By Joseph Baroud
The American struggle for civil rights and freedom, told through the history of the South Bay, was the focus Saturday at California State University, Dominguez Hills, as the Gerth Archives and Special Collections room hosted the 3rd annual South Bay Symposium.
An array of speakers discussed a range of topics during the event, held on the fifth floor of the south library. The room was decorated with posters created by CSUDH History 341 students dedicated to past events, people and places in the South Bay’s history. These significant figures included Doris Davis, a female African-American, who defeated incumbent Compton mayor Douglas Dollarhide, also an African-American, in 1973, and Juan Dominguez, a former soldier for Spain who received the original land grant from the king of Spain in 1794 that encompasses most of the South Bay, including this campus.
Some posters told of the impact the Rodney King trial with old newspaper clippings and different photographs capturing the intensity of the public’s emotions throughout those times.
The, event, co-sponsored by the Compton Historical Society 125, was hosted by Gregory Williams, the director of the Gerth Archives, and included five speakers: Richard Santillan, the author of books about Mexican-American baseball; Random Lengths News publisher James Allen; Dr. Donna Nicol, the head of the department of Africana Studies at CSUDH; Robert Lee Johnson, who wrote the book “Compton,” which is about Compton’s little-known past; and John Osborne who is on the Lawndale city council. While the speakers’ focus were varied, all spoke about the South Bay, with freedom and civil rights being the common denominator.
Through all the stories, a theme developed: how people often perceived as being outsiders played a huge part in building this country, often through creating bonds between themselves rather than waiting to be accepted by the broader culture.
Santillan alluded to that in terms of using sports to tell the story of Mexican Americans in the South Bay.
Santillan spoke about what it was like to be a Hispanic person living in the U.S. during the middle of the 20th century and how baseball was an oasis to not only help them get through the tough times, but to build an identity and a sense of community.
“From the very beginning we wanted to utilize baseball to tell the story,” he said. “And later softball, to tell the story of the larger community. That the pictures of baseball and softball were being [used as a] vehicle to tell the greater story. How baseball was an instrument to advance things like civil rights and so forth.”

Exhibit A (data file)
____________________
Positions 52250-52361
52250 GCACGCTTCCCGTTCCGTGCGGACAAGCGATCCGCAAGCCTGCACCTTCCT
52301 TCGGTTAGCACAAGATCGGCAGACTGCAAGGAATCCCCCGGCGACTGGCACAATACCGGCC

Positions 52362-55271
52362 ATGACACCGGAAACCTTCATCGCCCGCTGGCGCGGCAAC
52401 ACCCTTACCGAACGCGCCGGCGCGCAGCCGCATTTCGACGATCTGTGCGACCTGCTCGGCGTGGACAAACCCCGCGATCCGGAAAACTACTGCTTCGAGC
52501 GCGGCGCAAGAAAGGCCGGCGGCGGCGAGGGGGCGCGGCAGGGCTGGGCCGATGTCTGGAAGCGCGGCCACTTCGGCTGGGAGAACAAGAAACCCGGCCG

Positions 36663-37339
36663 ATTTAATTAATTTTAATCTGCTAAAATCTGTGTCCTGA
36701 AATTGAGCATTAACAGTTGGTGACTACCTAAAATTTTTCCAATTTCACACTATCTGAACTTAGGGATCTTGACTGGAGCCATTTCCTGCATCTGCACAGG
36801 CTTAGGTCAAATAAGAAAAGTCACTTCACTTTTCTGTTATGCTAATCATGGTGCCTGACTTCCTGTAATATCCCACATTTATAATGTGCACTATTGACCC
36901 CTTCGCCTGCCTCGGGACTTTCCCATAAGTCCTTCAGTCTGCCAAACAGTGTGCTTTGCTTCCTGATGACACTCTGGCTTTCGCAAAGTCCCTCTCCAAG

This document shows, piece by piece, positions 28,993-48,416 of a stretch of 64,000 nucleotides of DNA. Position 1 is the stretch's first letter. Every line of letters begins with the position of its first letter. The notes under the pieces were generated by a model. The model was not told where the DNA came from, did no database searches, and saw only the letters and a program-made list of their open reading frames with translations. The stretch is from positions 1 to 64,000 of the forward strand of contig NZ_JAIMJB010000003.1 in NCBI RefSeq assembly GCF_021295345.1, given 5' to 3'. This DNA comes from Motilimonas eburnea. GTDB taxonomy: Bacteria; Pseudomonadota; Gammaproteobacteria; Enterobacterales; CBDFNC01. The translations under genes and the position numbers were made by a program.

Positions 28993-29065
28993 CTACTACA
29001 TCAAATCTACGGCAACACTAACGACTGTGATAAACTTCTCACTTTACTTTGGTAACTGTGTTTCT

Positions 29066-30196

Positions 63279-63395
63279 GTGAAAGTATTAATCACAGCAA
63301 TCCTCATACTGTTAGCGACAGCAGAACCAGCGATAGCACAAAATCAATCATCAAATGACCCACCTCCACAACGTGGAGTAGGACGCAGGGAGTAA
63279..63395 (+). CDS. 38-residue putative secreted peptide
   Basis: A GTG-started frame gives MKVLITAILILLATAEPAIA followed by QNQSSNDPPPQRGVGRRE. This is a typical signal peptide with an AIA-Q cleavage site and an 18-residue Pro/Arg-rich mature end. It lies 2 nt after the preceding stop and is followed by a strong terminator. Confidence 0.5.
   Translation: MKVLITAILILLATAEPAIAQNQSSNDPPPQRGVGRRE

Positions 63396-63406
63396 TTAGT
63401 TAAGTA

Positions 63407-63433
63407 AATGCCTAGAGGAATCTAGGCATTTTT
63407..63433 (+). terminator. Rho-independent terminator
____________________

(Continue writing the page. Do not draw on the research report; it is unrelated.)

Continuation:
CSUDH’s Nicol emphasized the stresses and pressures of immigrants attempting to forge new lives in the South Bay. She spoke of the hardships that Filipinos endured, not only when they migrated here and experienced laws that were made to impede their lives and obstruct their chance to live peacefully and make families, but abroad as well. She paid attention to the misconception that many Filipino women tried to marry American citizens to gain entry into the country.
“What happened really disproves this notion,” Nicol said. “Because these folks lived outside of the camp and they interacted with each other that way. It wasn’t a sort of I’m going to attach myself to this guy. It was, I work there, and we interact. Most of the time, up until 1960, most of Filipino migration were Filipino men. Part of this was this fear that there would be this rush of Filipino women coming to the United States.”
Allen’s focus was the Workers of the World, or Wobblies as they came to be known, the first labor union not to discriminate on race. He set the mood by quoting from author William Faulkner, who said that the past isn’t dead, it’s not even the past.
“There’s something about the past which is inherently still alive in people every day,” Allen said.
He talked about the LA Times bombing in 1910 and how it was blamed on a couple of socialists, which swayed media representation of socialists to label them as terrorists.
He also spoke about Upton Sinclair, who wrote books like “The Jungle,” to reveal the horrible truth of went on in meat-packing factories. Sinclair, a socialist, ran for California governor in 1934.
Allen described a 1923 incident in which Sinclair came to San Pedro to rally with the Workers of the World union at Liberty Hill. Sinclair went atop a dirt mound and held a copy of the U.S. Constitution in the air. As soon as he began reading the article regarding free speech, a member of the Los Angeles Police Department, who was present at the rally, arrested him. The men who followed in Sinclair’s footsteps that day and tried to pick up the Constitution to continue reading it immediately met the same fate.
“In fact, everything that the Wobblies and the early socialist were fighting for, what they were demonstrating for,” Allen said, “what they often times were jailed for and sometimes were killed for, were the workers’ rights that most of you enjoy to this day, unless you’re driving for Uber.”
The last part about Uber drew quite a laugh from the audience. Allen finished what he had to say and recited the “Ballad of Joe Hill” to the audience’s pleasure and amusement.
“What I appreciate about what Greg is doing here,” Allen said. “With this beautiful library is the archiving of that past, which actually isn’t dead.”
“When people begin to learn about their history,” Santillan said. “It empowers them.”
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